Marvin G. Weinbaum is professor emeritus of political science at the University of Illinois at Urbana-Champaign, and served as analyst for Pakistan and Afghanistan in the U.S. Department of State’s Bureau of Intelligence and Research from 1999 to 2003. He is currently a scholar-in-residence and Director of the Pakistan Center at the Middle East Institute in Washington DC.

Professor Weinbaum has his doctorate from Columbia University in 1965, his MA from the University of Michigan in 1958, and his BA from Brooklyn College in 1957. In 1965 he joined the faculty of the University of Illinois at Urbana-Champaign. At Illinois, Dr. Weinbaum served for fifteen years as the director of the Program in South Asian and Middle Eastern Studies. He was awarded Fulbright Research Fellowships for Egypt in 1981–82 and Afghanistan in 1989–90, and was a senior fellow at the United States Institute of Peace in 1996–97. Additionally, Dr. Weinbaum has been the recipient of research awards from the Social Science Research Council, the Ford Foundation, the Hewlett Foundation, IREX, the American Political Science Association, and other granting agencies.

After retiring at Illinois, Professor Weinbaum has held adjunct professorships at Georgetown and George Washington universities, and has frequently lectured at the U.S. Foreign Service Institute. At the State Department he was a recipient of its Superior Honors Award. Since leaving the Department, he has assumed numerous consultancies, both with government agencies and the private sector.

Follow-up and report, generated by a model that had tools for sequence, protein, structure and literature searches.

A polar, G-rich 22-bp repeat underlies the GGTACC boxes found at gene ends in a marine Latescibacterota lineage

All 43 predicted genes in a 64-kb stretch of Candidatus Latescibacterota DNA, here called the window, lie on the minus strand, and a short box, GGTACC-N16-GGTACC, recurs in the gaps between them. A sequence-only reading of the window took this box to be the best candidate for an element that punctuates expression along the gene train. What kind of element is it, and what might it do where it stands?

Dr. Weinbaum's research, teaching, and consultancies have focused on the issues of national security, state building, democratization, and political economy. He is the author or editor of six books, including South Asia Approaches the Millennium: Reexamining National Security, co-edited with Chetan Kumar in 1995, and Afghanistan and Pakistan: Resistance and Reconstruction in 1994. Dr. Weinbaum has also written more than 100 book chapters and professional journal articles, mostly about Pakistan, Afghanistan, and Iran, but also on Egypt and Turkey. He is author of numerous opinion pieces in leading American newspapers and magazines, and many think-tank reports. Among his very recent publications are book chapters in edited volumes dealing with the U.S.-Pakistan relations, Pakistan’s political future, and state building and the security challenges in Afghanistan. His most recent journal article is on ties between Pakistan and Saudi Arabia and appears in the Middle East Journal.